draft water from ponds, lakes and stream
used for extinguishing fires. Hydrants
are used in rural areas to make water
more accessible to volunteer fire depart-
ments, reducing response time, as well as.
allowing a tanker to refill 75 percent faster
than using clean processed drinking wa-
ter from rural water systems. Dry Hy-
drants save energy by using unprocessed
drinking water and less travel miles mak-
ing water available closer to the fire scene.
The Texas State Dry Hydrant Commit-
tee was authorized by the Texas Resource
Conservation and Development Inc. in
1993. This committee chaired by French
Bennett worked with the Texas Depart-
ment of Insurance to convince the com-
missioner to change the old rating for fire
departments form key rate to Insurance
Service Officer (ISO).
In April 1997 Commissioner Elton
Bomer approved up to a 10 percent reduc-
tion of fire insurance in rural Texas to
those customers that have a D.H. within
1,000 feet of their residence. ISO was
adopted in Texas in the fall of 1996. Dry
Hydrants in Texas were originally funded
Please see DRY HYDRANTS, pg. 10
El Camino Real
may get4 national
The National Park Service is
seeking approval of a proposal to
have the El Camino Real de Los
Tejas designated a national his-
toric trail. The road, which travels
from the Mexican border into
Louisiana, including the route
from Nacogdoches to San Anto-
nio, is also known as Texas High-
way 21, The Kings Highway and
the Old San Antonio Road.
A 123-page study released in
April proposes spending up to
$375,000 per year if the Camino
Real and Old San Antonio Road
are designated as separate trails
(each being about the same length),
little or no land acquisition is
Even before the pre-historical
trail became a road, Spanish ex-
plorers, soldiers and traders
trudged across present-day Texas.
In the early 1800s, at approxi-
mately the time Stephen F. Austin
obtained permission to populate
his land grant colony, settlers from
the United States traveled along
many of the same routes.
Historical markers dot the 550
mile corridor, but historians say
they do not create a true replica of
"National historic trails gener-
ally provide opportunities to visit
or retrace qualifying trail routes
or historic sites on lands that are
made available through voluntary
agreement negotiated with inter-
ested landowners, or through op-
portunities afforded on existing
public lands," said National Parks
Service Superintendent David
Gaines of the Long Distance Trails
Office in Santa Fe, N.M.
The city of Alto is termed as
being a crossroad on the trail. Alto
Mayor Sandy Wallace said, "It
would be a wonderful opportunity
for our city. This area is full of
history and the designation would
mean a lot to Alto and to all of
Cherokee County, especially in
terms of business and tourism."
Please see EL CAMINO, pg. 10
$1.5 million airport construction nears
halfway mark, lags behind schedule
By Dee Caveness
The Cherokee County Airport
is 70 days into construction, and
W.T. Byler Construction of Hous-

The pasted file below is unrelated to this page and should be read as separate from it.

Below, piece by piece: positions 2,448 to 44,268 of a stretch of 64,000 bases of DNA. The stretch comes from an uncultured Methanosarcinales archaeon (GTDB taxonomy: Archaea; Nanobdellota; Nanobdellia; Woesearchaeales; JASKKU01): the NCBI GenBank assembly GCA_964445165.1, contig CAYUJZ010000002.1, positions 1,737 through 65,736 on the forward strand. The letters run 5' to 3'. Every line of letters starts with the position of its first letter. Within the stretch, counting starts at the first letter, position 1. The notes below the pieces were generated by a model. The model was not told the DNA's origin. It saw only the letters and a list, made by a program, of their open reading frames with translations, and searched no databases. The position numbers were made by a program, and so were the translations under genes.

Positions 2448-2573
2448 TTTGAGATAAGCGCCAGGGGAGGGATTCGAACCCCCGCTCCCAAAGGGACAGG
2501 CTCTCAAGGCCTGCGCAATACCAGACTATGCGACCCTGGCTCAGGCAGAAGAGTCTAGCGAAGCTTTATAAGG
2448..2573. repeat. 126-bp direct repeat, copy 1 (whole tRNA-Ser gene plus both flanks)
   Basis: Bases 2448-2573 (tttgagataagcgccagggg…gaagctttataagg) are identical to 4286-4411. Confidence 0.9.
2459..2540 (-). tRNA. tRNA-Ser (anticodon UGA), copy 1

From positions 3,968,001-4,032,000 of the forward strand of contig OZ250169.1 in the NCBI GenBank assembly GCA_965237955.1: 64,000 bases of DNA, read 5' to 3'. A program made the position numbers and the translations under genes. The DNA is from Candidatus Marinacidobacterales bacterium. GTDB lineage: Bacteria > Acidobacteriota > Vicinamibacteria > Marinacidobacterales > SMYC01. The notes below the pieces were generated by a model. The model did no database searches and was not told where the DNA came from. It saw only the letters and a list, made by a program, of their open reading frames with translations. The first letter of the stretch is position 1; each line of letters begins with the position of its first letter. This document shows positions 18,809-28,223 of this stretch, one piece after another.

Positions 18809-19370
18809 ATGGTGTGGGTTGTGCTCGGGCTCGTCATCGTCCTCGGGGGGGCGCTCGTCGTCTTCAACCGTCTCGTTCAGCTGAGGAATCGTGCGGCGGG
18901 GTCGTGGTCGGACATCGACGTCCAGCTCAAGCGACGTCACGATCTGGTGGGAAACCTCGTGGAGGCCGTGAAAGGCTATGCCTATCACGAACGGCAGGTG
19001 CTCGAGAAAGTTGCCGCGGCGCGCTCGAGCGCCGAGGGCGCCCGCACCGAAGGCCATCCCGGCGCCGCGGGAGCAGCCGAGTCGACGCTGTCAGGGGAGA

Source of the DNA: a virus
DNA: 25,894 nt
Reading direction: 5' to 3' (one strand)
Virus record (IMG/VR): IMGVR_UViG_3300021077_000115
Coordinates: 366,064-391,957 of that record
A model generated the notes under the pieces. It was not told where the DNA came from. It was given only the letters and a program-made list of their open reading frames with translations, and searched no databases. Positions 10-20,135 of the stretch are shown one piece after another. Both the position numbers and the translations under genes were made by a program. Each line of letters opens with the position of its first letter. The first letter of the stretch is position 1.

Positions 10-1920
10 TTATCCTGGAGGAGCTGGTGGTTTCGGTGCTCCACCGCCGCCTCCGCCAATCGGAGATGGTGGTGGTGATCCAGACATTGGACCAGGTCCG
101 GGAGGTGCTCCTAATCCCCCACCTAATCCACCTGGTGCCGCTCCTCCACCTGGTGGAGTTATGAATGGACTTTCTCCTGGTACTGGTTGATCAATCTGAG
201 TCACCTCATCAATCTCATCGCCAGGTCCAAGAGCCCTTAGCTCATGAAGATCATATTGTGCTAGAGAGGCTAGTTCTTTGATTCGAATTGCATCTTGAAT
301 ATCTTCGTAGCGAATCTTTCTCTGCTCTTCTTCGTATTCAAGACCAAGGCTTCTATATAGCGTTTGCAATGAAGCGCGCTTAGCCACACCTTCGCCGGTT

ton is working to finish in the
150 calendar days allowed.
The airport received a $1.5 mil-
lion grant from the Texas De-
partment of Transportation to
renovate runways and taxiways.
"Ten years ago, 80 percent of
the planes here were private
planes," said Ray Davis, Chero-
kee County Airport Coordinator,
"now about 80 percent are corpo-
rate planes." Even if the run-
ways had not been cracking, they
would have eventually needed to
be updated to accommodate the
The southeast turnaround,
which connects the runway with
the taxiway, has been extended
by 50 feet, allowing awaiting
planes a safe distance from land-
ing planes. All four existing taxi-
ways are being repaired.
Huge machinery grinds up the
old asphalt and tills it in with the
dirt remaining under the old run-
way . Large tanker trucks pour
lime slurry, a wet-mix lime pow-
der, in with the ground up asphalt
and dirt mix. The slurry makes
the dirt and ground asphalt bond
together to create a cement-like
base. Heavy Rollers pack the mix-
ture down to ensure a solid foun-
Tank trucks spray water on the
top of the mixture and five inches
of lime rock is laid down and
packed. The lime rock will soak up
the water and bond this layer with
the bottom layer. This process íb
under way at this time.
The last step will be to lay new
asphalt down on top of the other
"We are a little behind, but hope-
fully the runway will be opera-
tional by the beginning of August,"
said Mr. Davis.
The runway is built to hold
30,000 pounds per wheel and the
mtyority of planes have five wheels.
"Hie airfield has 12 existing hang-
Dump trucks spread a five inch
over the groundwork covering
ers and plans are under way to
make room for six more hangers
for the growing number of planes
that are to be using the airfield.
One 70 x 70 foot hanger is under
construction and a 30 x 40 foot
thick layer of limestone rock
a 5,000 ft. runway and four
hanger is planned to start any
Most of the planes are flying
out of other airports for now, and
most of those planes are flying
out of Tyler.
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Whitehead, Marie. Cherokeean/Herald (Rusk, Tex.), Vol. 149, No. 20, Ed. 1 Thursday, July 9, 1998, newspaper, July 9, 1998; Rusk, Texas. (texashistory.unt.edu/ark:/67531/metapth152380/m1/1/: accessed October 17, 2017), University of North Texas Libraries, The Portal to Texas History, texashistory.unt.edu; crediting Singletary Memorial Library.